Theo Michael's illustrations of Arab men drawn with speech bubbles coming out of their mouths next to George and Laura Bush in jumpers (the former with red felt-tipped eyes), is reminiscent of Joe Sacco's graphic novel, Palestine. Here, the speech bubbles are left empty (in the face of U.S foreign policy, the Middle East has no voice). The muted voice seems to be reiterated in Dan Griffiths' work, Art is What Makes Life More Interesting Than Art. 5 images of the familiar revolutionary symbol, the clenched fist raised aloft, are formed through cut and mounted wood veneer. The use of this shallow material along with the variations in the image from one panel to the next lessens the potency of what is a politically charged logo. They appear here as placards without slogans, implying that protest can at times be reduced to shouting a lot yet saying very little.
This deliberate obliteration of text is even more apparent in St. Paul, Storyboard from a Scenario by Pier Paolo Pasolini by Redux Project where 30 painted scenes cover the print of various pages of found newspapers. This may be a reference to Pasolini's declarations of his leanings to Communism on the cover of the Italian newspaper Libertà but the narrative is hard to discern and through nothing more than laziness, I gave up trying rather quickly. It seems I was second guessed. In Jen Wu's Nail Text, a photograph of hand, the fingernails painted white with tip-ex, rests on the page of some academic text (apparently some critical inquiry of French anti-colonial essayist, Frantz Fanon). Words on the page are partly obscured by the artist's fingertips, onto which has been written 'Bore' and 'Deviate'. When read as running into the body of text, "Bored the Marxist theme..." and "Deviated from anything", it reveals a world-weariness and lacklustre attitude to engage with ideas. Wu asks an important question here: Are we really bored with socialism, too preoccupied to effect change? The viewer can share in this apathy. Like notes in the margin of a borrowed book, it is someone else's outlook we can choose to take or leave.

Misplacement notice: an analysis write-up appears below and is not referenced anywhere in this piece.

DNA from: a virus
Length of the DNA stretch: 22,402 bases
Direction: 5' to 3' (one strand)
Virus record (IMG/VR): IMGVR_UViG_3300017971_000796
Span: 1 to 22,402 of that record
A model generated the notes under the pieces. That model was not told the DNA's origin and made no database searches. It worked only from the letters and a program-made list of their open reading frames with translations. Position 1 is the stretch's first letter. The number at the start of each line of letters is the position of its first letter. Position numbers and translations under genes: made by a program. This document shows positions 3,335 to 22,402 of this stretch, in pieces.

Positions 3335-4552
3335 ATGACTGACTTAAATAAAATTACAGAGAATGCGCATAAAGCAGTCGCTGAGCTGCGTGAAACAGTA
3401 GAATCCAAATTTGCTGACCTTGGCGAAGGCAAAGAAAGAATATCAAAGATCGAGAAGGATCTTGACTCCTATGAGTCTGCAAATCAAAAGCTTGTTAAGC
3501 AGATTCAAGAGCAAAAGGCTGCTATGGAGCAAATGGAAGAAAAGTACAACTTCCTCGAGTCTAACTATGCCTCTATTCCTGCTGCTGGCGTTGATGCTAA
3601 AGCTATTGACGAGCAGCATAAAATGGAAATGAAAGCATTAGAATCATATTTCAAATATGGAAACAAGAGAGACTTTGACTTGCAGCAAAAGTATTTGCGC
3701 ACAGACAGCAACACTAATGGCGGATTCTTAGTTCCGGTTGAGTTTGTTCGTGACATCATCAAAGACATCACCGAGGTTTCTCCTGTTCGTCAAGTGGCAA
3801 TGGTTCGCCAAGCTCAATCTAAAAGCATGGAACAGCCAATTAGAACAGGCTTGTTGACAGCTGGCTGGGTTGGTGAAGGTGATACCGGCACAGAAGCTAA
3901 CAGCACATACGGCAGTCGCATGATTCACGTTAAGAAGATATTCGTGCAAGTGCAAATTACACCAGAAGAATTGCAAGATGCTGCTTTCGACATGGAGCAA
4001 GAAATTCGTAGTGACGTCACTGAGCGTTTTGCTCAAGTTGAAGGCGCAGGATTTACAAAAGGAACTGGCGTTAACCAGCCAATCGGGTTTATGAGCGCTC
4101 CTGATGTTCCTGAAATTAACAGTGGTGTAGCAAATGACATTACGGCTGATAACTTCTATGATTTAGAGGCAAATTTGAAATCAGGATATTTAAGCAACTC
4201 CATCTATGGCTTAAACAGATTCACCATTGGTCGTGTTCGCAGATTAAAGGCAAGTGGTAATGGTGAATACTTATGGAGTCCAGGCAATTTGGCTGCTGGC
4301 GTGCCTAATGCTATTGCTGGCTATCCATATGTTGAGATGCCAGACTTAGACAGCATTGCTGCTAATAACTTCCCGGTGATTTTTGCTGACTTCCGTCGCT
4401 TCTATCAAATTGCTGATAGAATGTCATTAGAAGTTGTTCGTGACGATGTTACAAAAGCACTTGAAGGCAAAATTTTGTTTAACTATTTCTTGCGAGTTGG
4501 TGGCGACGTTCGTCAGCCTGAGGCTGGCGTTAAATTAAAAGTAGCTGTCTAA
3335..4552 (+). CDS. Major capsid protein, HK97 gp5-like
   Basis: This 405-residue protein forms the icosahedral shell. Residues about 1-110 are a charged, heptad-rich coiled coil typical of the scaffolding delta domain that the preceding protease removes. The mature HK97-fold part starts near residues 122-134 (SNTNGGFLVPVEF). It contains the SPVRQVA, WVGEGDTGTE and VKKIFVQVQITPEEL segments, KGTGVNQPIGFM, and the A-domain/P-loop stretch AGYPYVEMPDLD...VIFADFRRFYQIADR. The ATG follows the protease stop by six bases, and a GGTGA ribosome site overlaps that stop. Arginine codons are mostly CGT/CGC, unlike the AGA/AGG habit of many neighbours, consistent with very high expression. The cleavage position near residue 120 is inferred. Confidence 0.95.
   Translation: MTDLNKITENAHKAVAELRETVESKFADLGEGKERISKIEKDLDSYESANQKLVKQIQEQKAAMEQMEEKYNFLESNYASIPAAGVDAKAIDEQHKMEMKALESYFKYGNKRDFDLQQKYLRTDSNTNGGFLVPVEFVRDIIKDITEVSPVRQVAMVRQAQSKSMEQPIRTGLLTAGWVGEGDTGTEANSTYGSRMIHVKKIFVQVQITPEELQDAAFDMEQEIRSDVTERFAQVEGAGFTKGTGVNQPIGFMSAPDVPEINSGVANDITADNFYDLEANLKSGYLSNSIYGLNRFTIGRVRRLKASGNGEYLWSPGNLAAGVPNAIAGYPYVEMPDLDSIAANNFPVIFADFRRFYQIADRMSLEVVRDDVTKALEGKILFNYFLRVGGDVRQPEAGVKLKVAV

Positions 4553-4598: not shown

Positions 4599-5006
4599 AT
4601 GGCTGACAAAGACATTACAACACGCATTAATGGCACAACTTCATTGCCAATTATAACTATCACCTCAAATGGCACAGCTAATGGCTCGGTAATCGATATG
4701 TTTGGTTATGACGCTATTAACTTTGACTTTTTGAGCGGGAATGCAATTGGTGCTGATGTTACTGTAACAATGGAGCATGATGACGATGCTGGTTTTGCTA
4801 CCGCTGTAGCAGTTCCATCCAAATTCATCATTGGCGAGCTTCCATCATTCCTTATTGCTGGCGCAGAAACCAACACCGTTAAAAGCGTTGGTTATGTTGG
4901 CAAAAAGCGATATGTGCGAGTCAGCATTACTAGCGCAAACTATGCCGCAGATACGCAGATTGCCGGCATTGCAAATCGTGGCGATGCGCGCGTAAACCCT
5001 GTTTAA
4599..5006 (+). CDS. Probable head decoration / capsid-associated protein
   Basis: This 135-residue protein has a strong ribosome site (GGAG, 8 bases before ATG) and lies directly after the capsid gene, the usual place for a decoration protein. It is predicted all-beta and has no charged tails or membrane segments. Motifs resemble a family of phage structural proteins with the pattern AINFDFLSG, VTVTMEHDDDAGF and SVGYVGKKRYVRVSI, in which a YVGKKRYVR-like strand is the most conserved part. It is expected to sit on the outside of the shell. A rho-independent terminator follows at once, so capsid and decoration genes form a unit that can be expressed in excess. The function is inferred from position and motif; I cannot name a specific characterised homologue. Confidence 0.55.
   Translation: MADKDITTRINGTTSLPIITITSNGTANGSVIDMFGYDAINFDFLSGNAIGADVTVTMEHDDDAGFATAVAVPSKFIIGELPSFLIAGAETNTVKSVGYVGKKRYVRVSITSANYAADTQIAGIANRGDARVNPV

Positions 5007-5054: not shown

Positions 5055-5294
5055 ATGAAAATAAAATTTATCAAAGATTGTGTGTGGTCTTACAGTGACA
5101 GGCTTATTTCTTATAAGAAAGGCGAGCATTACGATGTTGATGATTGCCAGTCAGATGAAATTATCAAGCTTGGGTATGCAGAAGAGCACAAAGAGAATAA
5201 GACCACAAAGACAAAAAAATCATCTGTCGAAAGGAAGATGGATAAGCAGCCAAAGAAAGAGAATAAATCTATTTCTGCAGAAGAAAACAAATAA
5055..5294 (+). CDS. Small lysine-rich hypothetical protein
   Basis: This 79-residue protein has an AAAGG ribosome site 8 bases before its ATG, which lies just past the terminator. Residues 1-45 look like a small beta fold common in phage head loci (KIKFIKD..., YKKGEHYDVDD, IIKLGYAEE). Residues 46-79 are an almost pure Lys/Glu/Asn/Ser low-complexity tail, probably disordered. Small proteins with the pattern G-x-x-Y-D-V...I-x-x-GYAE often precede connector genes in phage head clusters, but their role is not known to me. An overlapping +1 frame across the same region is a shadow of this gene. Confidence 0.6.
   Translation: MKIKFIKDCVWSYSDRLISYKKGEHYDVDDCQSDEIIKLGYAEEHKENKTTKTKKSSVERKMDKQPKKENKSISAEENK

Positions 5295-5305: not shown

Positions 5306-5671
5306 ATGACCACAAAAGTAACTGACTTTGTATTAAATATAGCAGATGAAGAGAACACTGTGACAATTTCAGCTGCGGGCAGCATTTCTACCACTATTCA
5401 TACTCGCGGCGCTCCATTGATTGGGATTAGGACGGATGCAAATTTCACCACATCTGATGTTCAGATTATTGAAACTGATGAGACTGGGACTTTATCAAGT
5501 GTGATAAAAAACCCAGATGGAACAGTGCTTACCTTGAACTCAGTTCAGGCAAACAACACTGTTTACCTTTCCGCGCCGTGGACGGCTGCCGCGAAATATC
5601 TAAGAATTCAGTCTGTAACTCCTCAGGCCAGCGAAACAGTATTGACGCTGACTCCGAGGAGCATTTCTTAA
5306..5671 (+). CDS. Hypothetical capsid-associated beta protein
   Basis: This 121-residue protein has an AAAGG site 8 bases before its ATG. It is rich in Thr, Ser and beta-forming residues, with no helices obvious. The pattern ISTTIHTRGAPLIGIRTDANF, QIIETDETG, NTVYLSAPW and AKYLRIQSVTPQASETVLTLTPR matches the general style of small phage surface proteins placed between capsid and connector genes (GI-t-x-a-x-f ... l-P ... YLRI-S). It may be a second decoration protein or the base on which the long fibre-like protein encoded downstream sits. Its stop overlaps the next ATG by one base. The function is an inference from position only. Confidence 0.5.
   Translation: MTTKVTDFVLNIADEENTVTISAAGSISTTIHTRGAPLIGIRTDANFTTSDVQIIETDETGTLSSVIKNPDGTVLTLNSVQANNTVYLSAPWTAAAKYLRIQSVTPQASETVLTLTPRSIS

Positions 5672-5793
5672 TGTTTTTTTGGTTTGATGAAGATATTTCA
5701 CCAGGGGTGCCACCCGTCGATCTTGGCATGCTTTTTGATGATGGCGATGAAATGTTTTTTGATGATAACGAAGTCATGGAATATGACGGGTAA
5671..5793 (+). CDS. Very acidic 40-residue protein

I was similarly bored waiting for the 6 video pieces to come on, played in a clockwise sequence of monitors in the centre of the space. I'm sorry to say I missed the majority of them in my impatience. This is a shame as the snippets I caught of Theo Prodromidus's film, Serenade to Spectacle, looked promising, as did Lewis Amar's Of Land & Tilte, whereby a comic character runs, trousers down, through the grounds of stately homes, much to the guffawing delight of the onlooker. The varying fragments that spilled over heightened this sense of the fragmented narrative of the scrapbook collage.
Historically, scrapbooking was a tradition similar to storytelling, but with a visual rather than oral, focus. However, I felt there could have been a little more explanation in some areas and I was irritated by having to keep going back to the map of the gallery on the wall to cross-reference works with their titles. Even so, the artists here do well in answering the call of Aramesh in the show's curatorial remit and it is refreshing to see a group show of emerging artists that has such coherence. However, don't expect to find any easy interpretations.
96 Teesdale Street
London E2 6PU